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Eric Whitacre is one of the most-performed composers of his generation.  Born in 1970, he studied composition at the University of Nevada, Las Vegas and the Juilliard School with notable composers including John Corigliano and David Diamond.  His choral works and band works have rapidly become accepted in the repertoire due to their strong appeal to audiences and players alike.  In addition to composing, Whitacre tours the world as a conductor of his own works.

Whitacre is quite web-savvy:

Eric Whitacre on Facebook.

Eric Whitacre on MySpace.  If you watch the video on either of these, he says how he’s overwhelmed with fan mail.

Eric Whitacre on WikiMusicGuide (better than Wikipedia in this case), including complete works list.

Eric Whitacre’s blog.

EricWhitacre.com.

Whitacre even writes his own program notes!  Here they are for October:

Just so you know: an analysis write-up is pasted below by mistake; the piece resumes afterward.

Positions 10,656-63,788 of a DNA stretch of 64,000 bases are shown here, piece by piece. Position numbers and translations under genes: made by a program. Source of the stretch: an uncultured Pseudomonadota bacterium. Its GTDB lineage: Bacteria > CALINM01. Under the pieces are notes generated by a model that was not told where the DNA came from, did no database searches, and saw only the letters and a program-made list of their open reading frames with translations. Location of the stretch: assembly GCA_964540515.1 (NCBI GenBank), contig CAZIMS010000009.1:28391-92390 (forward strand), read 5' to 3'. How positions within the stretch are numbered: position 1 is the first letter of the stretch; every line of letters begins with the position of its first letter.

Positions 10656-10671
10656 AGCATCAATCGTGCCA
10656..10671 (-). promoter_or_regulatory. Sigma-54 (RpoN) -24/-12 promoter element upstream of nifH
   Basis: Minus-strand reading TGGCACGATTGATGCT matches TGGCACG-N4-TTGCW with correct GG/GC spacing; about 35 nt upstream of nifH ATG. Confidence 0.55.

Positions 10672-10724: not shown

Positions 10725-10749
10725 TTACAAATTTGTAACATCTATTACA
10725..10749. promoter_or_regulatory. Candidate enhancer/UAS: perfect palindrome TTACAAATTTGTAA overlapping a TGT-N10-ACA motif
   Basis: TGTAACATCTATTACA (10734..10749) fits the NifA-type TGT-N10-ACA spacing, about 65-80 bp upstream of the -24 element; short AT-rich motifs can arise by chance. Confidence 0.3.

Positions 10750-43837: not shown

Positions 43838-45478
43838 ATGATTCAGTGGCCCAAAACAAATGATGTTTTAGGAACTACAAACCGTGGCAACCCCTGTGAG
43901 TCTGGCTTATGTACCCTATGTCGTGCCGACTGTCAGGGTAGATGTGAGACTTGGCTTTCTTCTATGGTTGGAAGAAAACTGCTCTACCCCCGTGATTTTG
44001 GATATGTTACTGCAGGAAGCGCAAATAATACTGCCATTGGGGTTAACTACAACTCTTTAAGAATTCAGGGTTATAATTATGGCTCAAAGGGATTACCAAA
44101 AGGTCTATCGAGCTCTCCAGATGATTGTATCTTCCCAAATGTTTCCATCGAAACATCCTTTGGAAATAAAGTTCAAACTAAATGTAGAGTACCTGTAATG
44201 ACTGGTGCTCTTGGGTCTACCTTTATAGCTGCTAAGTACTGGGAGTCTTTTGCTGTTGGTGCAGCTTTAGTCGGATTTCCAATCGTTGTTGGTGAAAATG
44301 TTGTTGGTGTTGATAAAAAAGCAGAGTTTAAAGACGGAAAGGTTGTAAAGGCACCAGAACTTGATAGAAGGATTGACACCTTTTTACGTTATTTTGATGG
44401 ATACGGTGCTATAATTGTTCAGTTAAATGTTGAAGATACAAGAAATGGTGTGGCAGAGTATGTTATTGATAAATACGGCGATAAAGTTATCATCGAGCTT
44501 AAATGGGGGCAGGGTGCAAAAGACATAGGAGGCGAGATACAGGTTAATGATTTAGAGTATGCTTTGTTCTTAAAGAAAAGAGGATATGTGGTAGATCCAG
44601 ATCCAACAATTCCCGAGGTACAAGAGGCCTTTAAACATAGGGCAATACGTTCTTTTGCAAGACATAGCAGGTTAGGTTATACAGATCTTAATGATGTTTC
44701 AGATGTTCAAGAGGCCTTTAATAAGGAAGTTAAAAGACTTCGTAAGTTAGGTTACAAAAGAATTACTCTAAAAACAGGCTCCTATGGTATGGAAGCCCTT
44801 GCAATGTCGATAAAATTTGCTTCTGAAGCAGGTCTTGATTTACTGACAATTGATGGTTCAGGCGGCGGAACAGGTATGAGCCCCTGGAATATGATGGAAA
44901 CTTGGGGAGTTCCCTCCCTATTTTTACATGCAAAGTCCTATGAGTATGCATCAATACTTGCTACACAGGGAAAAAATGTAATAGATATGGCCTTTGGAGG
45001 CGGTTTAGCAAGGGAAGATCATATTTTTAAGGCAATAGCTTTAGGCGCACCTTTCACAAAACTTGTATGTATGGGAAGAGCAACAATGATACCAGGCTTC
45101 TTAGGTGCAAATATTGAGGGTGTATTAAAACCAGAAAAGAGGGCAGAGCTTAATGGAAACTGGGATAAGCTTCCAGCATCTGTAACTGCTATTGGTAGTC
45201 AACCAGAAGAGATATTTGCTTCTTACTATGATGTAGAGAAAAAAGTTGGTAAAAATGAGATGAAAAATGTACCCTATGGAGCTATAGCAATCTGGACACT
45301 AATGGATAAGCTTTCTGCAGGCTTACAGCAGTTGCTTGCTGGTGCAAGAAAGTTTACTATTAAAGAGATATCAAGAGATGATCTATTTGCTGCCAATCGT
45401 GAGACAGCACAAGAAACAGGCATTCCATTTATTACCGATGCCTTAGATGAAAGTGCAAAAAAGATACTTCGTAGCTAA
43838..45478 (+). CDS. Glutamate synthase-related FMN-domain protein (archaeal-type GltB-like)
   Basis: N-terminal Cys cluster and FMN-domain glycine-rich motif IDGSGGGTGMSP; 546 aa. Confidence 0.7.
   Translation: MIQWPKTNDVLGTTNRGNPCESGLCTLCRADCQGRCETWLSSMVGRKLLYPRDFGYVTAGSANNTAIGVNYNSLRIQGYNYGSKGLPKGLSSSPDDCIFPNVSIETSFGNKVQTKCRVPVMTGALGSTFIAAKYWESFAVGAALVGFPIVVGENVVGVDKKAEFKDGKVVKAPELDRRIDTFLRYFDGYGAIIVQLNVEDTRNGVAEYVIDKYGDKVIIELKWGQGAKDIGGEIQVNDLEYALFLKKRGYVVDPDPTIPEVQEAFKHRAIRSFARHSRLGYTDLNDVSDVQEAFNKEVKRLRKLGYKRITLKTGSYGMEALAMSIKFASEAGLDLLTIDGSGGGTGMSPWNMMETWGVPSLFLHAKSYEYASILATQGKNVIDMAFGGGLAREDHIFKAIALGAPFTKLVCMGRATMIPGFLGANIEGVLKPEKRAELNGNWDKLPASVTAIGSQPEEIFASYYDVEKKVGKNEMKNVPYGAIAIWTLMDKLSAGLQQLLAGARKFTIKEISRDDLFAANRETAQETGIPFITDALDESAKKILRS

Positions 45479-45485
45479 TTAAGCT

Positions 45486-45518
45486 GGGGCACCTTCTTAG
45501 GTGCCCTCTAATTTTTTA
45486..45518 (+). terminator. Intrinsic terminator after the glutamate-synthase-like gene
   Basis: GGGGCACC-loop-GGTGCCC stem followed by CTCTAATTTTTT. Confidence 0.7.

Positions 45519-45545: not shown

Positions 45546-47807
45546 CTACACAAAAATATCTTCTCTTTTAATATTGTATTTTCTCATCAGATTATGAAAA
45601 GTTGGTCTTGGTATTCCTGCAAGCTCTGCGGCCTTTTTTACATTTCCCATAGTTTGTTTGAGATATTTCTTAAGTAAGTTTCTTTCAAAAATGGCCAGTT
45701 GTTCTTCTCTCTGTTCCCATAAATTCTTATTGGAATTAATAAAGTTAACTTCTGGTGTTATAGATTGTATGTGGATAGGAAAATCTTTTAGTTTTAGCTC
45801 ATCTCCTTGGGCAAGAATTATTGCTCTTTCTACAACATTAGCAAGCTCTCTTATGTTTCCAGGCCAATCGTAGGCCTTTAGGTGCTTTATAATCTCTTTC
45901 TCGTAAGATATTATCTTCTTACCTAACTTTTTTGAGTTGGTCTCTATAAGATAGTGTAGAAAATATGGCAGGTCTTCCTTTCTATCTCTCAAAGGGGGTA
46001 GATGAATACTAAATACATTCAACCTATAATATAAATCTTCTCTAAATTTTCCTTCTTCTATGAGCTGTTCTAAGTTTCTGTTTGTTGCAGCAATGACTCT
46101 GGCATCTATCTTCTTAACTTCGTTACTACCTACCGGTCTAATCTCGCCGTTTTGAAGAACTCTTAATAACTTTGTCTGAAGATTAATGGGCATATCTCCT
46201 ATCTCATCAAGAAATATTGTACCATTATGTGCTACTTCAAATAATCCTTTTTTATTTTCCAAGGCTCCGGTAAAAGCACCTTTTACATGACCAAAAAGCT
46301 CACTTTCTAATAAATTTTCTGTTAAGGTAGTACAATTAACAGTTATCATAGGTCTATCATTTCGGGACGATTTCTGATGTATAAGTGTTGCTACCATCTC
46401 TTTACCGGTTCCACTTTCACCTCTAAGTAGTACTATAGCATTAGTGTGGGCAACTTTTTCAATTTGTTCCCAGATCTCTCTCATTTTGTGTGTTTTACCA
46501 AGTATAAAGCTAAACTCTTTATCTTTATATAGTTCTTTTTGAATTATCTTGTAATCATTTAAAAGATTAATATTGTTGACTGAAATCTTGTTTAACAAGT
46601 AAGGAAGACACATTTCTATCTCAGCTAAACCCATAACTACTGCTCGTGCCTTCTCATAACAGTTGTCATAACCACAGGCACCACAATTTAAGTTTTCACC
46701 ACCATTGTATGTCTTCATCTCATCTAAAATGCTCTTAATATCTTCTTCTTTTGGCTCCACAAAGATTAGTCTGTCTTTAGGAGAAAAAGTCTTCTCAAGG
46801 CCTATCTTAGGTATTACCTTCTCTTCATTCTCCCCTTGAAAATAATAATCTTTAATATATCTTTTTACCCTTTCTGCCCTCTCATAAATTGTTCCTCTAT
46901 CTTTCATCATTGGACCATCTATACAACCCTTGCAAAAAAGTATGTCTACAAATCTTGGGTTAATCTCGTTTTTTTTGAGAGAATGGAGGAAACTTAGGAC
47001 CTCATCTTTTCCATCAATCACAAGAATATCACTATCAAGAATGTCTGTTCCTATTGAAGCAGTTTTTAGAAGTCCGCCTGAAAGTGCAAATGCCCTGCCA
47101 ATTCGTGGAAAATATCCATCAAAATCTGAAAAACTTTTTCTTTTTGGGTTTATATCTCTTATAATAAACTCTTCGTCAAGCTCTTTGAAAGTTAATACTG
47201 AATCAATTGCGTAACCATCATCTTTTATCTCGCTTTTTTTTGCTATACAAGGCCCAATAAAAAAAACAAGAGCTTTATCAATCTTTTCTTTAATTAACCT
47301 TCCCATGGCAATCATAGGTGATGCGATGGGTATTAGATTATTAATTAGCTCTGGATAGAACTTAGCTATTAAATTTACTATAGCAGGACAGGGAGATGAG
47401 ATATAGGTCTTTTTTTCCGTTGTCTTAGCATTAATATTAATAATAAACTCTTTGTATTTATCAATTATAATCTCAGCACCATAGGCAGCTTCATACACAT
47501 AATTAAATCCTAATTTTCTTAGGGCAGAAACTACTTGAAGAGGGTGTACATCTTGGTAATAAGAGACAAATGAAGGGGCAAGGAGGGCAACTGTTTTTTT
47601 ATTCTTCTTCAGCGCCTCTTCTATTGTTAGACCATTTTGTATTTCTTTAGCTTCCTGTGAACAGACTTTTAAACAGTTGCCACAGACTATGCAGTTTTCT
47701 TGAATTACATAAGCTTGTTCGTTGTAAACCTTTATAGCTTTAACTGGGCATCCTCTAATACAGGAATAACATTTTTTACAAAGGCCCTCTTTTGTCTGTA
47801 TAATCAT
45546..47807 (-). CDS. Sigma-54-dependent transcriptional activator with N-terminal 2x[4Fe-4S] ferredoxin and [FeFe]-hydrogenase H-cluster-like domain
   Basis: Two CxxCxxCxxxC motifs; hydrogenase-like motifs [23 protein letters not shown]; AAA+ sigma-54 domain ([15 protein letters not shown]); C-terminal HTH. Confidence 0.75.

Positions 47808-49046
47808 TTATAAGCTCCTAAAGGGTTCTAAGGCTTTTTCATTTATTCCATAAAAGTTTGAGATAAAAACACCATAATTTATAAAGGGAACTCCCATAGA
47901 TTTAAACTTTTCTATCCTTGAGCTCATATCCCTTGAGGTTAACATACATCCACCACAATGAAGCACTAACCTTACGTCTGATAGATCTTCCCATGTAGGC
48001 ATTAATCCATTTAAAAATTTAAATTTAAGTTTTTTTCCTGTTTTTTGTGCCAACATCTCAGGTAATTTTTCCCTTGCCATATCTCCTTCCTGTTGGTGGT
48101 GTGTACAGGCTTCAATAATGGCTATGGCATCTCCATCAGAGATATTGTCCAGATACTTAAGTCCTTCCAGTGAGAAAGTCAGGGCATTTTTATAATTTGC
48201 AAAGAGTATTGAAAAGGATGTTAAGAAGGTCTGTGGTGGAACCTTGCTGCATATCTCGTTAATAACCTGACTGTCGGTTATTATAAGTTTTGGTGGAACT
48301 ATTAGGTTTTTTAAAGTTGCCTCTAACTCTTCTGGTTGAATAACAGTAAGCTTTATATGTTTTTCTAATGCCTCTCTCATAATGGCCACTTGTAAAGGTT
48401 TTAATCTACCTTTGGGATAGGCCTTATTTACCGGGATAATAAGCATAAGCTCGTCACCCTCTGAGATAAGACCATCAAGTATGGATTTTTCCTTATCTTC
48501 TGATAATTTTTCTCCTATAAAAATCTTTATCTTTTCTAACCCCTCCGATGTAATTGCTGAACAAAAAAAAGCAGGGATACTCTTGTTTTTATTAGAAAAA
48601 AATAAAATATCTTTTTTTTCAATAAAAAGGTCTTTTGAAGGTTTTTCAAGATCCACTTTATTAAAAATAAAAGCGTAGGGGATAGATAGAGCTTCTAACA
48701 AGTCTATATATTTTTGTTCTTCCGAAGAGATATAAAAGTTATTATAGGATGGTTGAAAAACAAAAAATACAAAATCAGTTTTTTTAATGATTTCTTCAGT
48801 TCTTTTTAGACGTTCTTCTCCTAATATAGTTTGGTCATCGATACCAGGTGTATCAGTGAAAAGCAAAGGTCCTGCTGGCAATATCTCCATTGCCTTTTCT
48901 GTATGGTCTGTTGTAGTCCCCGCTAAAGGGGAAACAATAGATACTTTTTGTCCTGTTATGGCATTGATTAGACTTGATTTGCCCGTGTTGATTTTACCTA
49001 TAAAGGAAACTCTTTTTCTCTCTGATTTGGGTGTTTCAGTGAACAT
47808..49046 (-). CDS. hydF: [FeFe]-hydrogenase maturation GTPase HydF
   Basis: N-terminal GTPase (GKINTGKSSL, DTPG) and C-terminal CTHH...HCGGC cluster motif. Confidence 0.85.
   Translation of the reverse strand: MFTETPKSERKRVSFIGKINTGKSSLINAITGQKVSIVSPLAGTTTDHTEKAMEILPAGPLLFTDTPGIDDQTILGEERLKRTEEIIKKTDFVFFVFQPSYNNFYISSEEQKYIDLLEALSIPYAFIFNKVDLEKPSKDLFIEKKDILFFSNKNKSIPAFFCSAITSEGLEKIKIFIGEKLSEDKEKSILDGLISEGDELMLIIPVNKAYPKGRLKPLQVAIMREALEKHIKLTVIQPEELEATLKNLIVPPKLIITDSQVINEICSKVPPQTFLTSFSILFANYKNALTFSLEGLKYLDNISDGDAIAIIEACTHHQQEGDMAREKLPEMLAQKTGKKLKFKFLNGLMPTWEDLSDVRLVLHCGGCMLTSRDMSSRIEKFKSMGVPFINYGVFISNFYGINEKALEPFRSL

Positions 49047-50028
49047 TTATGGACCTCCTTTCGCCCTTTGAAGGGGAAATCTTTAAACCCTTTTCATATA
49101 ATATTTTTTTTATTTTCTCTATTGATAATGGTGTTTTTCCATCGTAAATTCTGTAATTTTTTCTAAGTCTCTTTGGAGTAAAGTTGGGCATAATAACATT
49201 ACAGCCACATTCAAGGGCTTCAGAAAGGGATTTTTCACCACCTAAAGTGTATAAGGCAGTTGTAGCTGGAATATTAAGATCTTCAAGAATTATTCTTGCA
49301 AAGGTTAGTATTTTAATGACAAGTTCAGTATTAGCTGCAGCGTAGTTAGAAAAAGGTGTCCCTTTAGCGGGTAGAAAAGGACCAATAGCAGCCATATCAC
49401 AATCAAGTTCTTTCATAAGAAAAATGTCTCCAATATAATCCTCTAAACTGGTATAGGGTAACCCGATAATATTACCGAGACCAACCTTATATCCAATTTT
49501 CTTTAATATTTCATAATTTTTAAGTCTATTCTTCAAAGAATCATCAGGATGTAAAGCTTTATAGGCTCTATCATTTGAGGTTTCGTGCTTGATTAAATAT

October is my favorite month. Something about the crisp autumn air and the subtle change in light always make me a little sentimental, and as I started to sketch I felt that same quiet beauty in the writing. The simple, patoral melodies and subsequent harmonies are inspired by the great English Romantics (Vaughan Williams, Elgar) as I felt that this style was also perfectly suited to capture the natural and pastoral soul of the season. I’m quite happy with the end result, especially because I feel there just isn’t enough lush, beautiful music written for winds. October was premiered on May 14th, 2000, and is dedicated to Brian Anderson, the man who brought it all together.

October is a wind band original.  Here it is in an excellent recording by the Arizona State University Wind Ensemble:

Whitacre has also turned October into an a cappella Alleluia:

2 Trackbacks/Pingbacks

  1. […] Prelude and Scherzo Turina/Reed – La Procession du Rocio Strauss – Serenade in E flat, Op. 7 Whitacre – October Dello Joio – Scenes from “The Louvre” Jacob – Old Wine in New Bottles Schuman – Chester […]

  2. […] October – Eric Whitacre […]

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